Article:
2002 --2015: Dave Smith Instruments

After several years working on software synthesis, Smith opened a new company, Dave Smith Instruments (DSI), to build new hardware. Its first product was the Evolver synthesizer in 2002.[2] In 2008, DSI launched the Prophet '08, conceived as an affordable analog eight-voice synthesizer.[2]

2015 --present: return to Prophet and Sequential

Sequential Prophet-6 (2015)

In January 2015, Yamaha returned the Sequential and Prophet brands to Smith in a goodwill gesture. This was at the encouragement of Roland founder Ikutaro Kakehashi, who had worked with Smith to create MIDI. Kakehashi said: "I feel that it's important to get rid of unnecessary conflict among electronic musical instrument companies. That is exactly the spirit of MIDI. For this reason, I personally recommended that the President of Yamaha, Mr. Nakata, return the rights to the Sequential name to Dave Smith."[15]

In 2015, Smith announced the Prophet-6, described as a spiritual successor to the Prophet-5.[16] In May 2018, Sequential announced the Prophet-X, featuring both sample playback and digitally-controlled oscillators.[17] On August 31, 2018, the 40th anniversary of the Prophet-5, Dave Smith Instruments rebranded as Sequential.[18]


  1. ^ " WHOIS, DNS, & Domain Info - DomainTools". WHOIS. Retrieved .
  2. ^ a b c d e f g "Keyboardmag: Dave Smith in His Own Words". 2013-06-11. Retrieved .
  3. ^ Dean, Roger T. (2009). "Hardware Digital Synthesizers and How They Developed". The Oxford Handbook of Computer Music. Oxford University Press. p. 58. ISBN 978-0-19-533161-5. in 1975 the newly established company Sequential Circuits had, as one of its first products, an analog CV sequencer controlled and programmed with a microprocessor.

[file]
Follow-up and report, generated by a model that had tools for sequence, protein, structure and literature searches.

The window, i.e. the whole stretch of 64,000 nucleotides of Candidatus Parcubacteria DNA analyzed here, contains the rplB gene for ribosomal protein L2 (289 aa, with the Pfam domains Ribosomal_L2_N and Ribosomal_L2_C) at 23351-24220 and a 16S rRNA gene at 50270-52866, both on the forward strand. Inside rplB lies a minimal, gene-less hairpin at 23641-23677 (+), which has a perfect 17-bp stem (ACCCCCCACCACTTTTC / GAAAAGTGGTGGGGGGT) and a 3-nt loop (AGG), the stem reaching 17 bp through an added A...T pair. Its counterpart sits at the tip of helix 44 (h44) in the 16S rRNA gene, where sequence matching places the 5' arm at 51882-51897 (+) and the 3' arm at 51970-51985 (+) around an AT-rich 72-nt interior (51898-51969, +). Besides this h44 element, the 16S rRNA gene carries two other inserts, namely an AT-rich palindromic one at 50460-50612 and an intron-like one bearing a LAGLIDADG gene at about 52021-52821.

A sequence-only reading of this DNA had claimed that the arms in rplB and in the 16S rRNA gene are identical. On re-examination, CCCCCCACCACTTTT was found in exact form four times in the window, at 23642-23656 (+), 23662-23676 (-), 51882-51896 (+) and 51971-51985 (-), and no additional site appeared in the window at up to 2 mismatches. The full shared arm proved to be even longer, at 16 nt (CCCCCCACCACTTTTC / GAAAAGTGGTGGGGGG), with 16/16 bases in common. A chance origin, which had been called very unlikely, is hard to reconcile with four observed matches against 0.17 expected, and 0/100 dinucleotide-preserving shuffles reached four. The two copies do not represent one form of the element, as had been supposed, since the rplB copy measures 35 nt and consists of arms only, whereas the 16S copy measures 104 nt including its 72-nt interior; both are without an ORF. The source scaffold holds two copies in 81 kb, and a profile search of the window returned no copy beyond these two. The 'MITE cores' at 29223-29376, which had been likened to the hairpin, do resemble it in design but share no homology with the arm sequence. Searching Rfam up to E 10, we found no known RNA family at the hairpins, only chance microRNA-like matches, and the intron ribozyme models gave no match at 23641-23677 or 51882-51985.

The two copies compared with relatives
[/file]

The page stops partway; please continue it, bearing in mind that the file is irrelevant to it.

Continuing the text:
4. ^ a b c d "The 14 most important synths in electronic music history - and the musicians who use them". FACT Magazine: Music News, New Music. 2016-09-15. Retrieved .
  5. ^ Reid, Gordon (March 1999). "Sequential Circuits - Prophet Synthesizers 5 & 10 (Retro)". Sound On Sound. Archived from the original on 3 February 2016. Retrieved 2015.
  6. ^ "SCI Pro1". Sound On Sound. March 1994. Archived from the original on 7 June 2015.
  7. ^ "The life and times of Ikutaro Kakehashi, the Roland pioneer modern music owes everything to". FACT Magazine: Music News, New Music. 2017-04-02. Retrieved .
  8. ^ Kirn, Peter (2011). Keyboard Presents the Evolution of Electronic Dance Music. Backbeat Books. ISBN 978-1-61713-446-3. Archived from the original on 1 February 2017.
  9. ^ Chadabe, Joel (1 May 2000). "Part IV: The Seeds of the Future". Electronic Musician. Penton Media. XVI (5). Archived from the original on 28 September 2012.
  10. ^ Holmes, Thom. Electronic and Experimental Music: Pioneers in Technology and Composition. New York: Routledge, 2003
  11. ^ Huber, David Miles (1991). The MIDI Manual. Carmel, Indiana: SAMS. ISBN 9780672227578.
  12. ^ "Technical GRAMMY Award: Ikutaro Kakehashi And Dave Smith". Archived from the original on 22 August 2016. Retrieved 2016.
  13. ^ "Ikutaro Kakehashi, Dave Smith: Technical GRAMMY Award Acceptance". Archived from the original on 9 December 2014. Retrieved 2016.
  14. ^ Vail, Mark (2014). The Synthesizer. New York: Oxford University Press. p. 56. ISBN 978-0-19-539481-8.
  15. ^ "Sequential is Back! - Sequential". Sequential. 2015-01-22. Retrieved .
  16. ^ "Review: Sequential Prophet-6 Analog Synth". KeyboardMag. Retrieved .
  17. ^ "Dave Smith reveals Sequential Prophet X". Retrieved .
  18. ^ Advisor, Resident. "Dave Smith Instruments rebrands as Sequential". Resident Advisor. Retrieved .